The danger of quantifying everything!

Well, I heard a new one today. But first, the context. I had just handed back English 11 essays, for which I did not use a rubric. Instead, I used a traditional means of feedback. I circled, underlined, and pointed out obvious errors (fragments, run ons, point of view errors, etc.). I made comments about logical omissions or organizational flaws. I commented when writers needed to give evidence for their claims. But overall, the score, the grade, came from my experience in knowing what constitutes an A paper or something not quite. Not only that, but students had the opportunity to conference with me in the drafting stage (an option that only four of the 21 in the class took advantage of). They also were encouraged to review peers’ work, to help each other draft a quality essay. They had three days in a computer lab to craft a two page essay. All in all, a pretty basic writing experience for juniors.

Then, I overheard one of my students (who’d earned a 45/50 by the way) that she had gotten only one wrong, but I had taken off five points. By one wrong, she meant that I had only left one comment on her paper. She obviously thought the exchange rate was off.

I’m still somewhat stunned. I had no idea that students equated a comment or an underline on an essay with an item marked wrong, as when you do 25 math problems and you get five wrong, so you get a 20/25. Maybe I should have been a math teacher (only I don’t really love math. I love words).

Holistic grading is truly dead it seems. Everything must be quantified. Rubrics have become itemized reciepts. Every complete sentence given a point value, whether it makes sense or reads fluently or fits the paragraph or moves the argument forward.  Quality lies in the fact that you spelled everything correctly, not in the relationships of the words to one another? Or am I just taking this girls’ comment (complaint, actually) too far?

What do you think?

If you are reading this and have had a similar experience, please leave a comment. This topic seems worthy of discussion.

Cross posted at The Polliwog Journal

7 Responses to The danger of quantifying everything!

  1. Knighton April 18, 2011 at 5:21 pm #

    It sounds as if you had a day like mine where a student proclaimed that it was my fault that her senior research paper wasn’t ready to turn in. Yes, I too have had that feeling that everything in our teaching lives has turned into a giant numbers game. It’s everywhere–with students, other teachers, admin., parents…you name it and we can find them! One day I am going to have a nightmare where I am being devoured by enormous numbers. Ughh!

  2. Ms Hogue April 23, 2011 at 10:15 am #

    Yes, and all of those numbers really tell us very little about learning, very little about the kind of person a student is becoming. Thanks for your comment.

  3. al stout June 1, 2012 at 9:59 am #

    I have resorted to establishing this thought in my students’s heads: papers are upper half or lower half. Upper = A and B = concerned primarily with analysis (B-ish) and argument (more A-ish). Lower half = Summary (F-ish) and Description (D-ish)… a C is a D paper, with “some analysis,” as the old AP scoring guide for 5’s used to read.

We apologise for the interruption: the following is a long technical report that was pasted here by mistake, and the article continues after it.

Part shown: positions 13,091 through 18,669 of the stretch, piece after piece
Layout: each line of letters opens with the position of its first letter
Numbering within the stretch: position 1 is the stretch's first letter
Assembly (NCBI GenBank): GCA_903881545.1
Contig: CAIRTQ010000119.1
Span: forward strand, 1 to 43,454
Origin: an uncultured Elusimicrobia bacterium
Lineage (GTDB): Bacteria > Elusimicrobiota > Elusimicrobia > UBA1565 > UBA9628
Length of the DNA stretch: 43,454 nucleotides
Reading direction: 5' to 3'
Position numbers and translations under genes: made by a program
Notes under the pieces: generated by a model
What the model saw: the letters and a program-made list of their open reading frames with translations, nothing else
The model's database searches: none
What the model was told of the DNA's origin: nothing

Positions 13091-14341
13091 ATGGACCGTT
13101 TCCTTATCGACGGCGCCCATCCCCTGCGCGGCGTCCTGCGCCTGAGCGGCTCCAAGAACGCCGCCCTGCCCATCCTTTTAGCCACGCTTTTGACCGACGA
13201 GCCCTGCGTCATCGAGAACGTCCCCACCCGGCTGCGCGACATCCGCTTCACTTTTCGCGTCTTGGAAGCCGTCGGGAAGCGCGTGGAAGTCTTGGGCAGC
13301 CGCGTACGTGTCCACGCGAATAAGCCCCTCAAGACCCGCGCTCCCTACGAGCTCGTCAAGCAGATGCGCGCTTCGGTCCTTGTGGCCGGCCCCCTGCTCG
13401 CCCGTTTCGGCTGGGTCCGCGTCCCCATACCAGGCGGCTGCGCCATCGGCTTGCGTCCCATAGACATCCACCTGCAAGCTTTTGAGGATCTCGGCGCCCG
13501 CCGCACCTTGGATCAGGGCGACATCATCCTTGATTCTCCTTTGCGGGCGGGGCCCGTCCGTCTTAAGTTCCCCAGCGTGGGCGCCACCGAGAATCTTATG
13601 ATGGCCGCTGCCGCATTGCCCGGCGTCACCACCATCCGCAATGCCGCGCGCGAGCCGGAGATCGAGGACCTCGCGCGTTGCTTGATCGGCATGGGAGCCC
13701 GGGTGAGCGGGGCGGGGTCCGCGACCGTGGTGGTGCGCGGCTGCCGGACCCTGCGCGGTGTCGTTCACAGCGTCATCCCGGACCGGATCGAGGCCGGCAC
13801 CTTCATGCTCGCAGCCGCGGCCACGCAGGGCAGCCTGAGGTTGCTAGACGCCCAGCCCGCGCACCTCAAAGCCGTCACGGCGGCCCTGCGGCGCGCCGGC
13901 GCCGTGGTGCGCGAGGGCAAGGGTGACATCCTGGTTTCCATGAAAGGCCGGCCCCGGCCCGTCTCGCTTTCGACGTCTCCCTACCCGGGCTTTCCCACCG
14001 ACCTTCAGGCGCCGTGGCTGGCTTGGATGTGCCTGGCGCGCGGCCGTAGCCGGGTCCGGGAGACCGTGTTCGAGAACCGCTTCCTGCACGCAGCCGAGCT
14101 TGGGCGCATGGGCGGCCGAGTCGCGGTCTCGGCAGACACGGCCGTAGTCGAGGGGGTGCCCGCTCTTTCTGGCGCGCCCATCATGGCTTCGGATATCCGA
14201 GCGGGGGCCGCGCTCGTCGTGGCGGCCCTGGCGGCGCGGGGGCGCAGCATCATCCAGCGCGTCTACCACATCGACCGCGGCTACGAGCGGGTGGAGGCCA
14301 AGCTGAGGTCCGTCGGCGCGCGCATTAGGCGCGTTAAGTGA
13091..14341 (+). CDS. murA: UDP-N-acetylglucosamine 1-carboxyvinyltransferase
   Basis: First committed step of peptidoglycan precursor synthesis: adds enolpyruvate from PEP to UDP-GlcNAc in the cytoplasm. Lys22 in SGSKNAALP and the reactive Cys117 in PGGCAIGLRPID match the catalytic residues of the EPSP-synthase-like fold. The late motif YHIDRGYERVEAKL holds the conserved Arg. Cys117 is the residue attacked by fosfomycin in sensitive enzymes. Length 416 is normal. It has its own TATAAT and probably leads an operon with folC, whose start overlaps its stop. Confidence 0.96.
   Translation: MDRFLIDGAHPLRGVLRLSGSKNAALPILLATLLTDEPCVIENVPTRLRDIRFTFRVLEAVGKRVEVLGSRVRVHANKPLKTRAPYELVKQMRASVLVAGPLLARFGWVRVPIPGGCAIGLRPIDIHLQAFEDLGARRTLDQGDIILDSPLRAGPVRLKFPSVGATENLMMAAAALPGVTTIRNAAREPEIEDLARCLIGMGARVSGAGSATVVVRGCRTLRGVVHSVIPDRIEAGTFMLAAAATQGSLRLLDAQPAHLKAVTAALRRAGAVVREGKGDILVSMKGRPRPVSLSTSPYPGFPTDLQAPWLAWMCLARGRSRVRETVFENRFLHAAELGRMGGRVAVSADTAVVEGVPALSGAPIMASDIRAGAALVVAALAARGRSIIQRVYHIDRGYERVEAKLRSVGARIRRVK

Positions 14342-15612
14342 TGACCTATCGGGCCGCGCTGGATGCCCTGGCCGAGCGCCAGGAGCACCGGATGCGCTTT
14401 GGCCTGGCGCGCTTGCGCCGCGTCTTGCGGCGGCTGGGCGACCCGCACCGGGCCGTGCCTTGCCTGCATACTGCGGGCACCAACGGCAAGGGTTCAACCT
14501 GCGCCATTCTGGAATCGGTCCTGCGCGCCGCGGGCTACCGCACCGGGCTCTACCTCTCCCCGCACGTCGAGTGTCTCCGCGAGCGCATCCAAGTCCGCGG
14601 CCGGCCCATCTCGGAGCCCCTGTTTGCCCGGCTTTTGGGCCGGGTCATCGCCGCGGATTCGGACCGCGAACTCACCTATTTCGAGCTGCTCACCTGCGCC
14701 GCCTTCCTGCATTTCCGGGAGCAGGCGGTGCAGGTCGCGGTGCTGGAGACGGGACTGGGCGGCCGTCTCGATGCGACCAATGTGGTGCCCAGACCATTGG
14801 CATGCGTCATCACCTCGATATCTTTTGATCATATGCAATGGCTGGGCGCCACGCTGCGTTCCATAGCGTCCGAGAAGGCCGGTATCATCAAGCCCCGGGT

Problems, kids? Come to me, point out and PROVE to me… there is more analysis and/or argument than I saw when I scored your paper. Never had a taker.

  4. Brian February 1, 2013 at 7:47 pm #

    I stopped using rubrics when I realized I just made them fit the grade I thought the essay should have. Essays are not just the total of the parts – they should be something greater than that. I do use the AP rubric, which I feel is basically holistic grading anyway, mostly because that is how the students will be assessed on the test and I feel an obligation. I argue with my colleagues over this, and I do wish more teachers would consider rubrics as just another alter for the cult of measurement.

  5. Brian Peksa November 5, 2013 at 4:16 pm #

    Rubrics, shumbrics. Does it have value as a piece or not? Is it written well, perfunctorily, or is it garbage? I’m not a teacher, so excuse my ignorance, but you sound like a bunch of academics, which you are, but the quantification argument is one for academia. Here would be my criteria: does it make sense? is it worthwhile or perfunctory? is it well written or horrible, commensurate with the grade level? Holistically, is it an A paper, or is it a C paper? These things are not that hard to surmise. I guess the real question is do you judge the paper on its own merits or in comparison with the rest? Is it an A compared to the drivel the rest of the class submitted or is it an A by your broad standard, taking in account obvious factors such as age and subject matter, etc. When i wrote essays for AP English, they were always marked with marginalia and notes and whole passages were doubly and trebly underlined. I got an A every time because I BROUGHT IT every time. Compared to the rest, I may as well have been a pro essayist. To me, if the paper is a slouch, it’s a slouch; easy peasy. If it knocks you down but is not written expertly, give it an A for content and a C for grammar—B+.

    • Lisa December 21, 2013 at 10:27 pm #

      Brian – I agree with you. I usually give a content grade and a mechanics & usage grade, with the final grade reflective of the two. Rubrics tend to lead to doing what it takes to make a certain grade rather than concentrating on writing an outstanding paper.


  1. The danger of quantifying everything! - April 18, 2011

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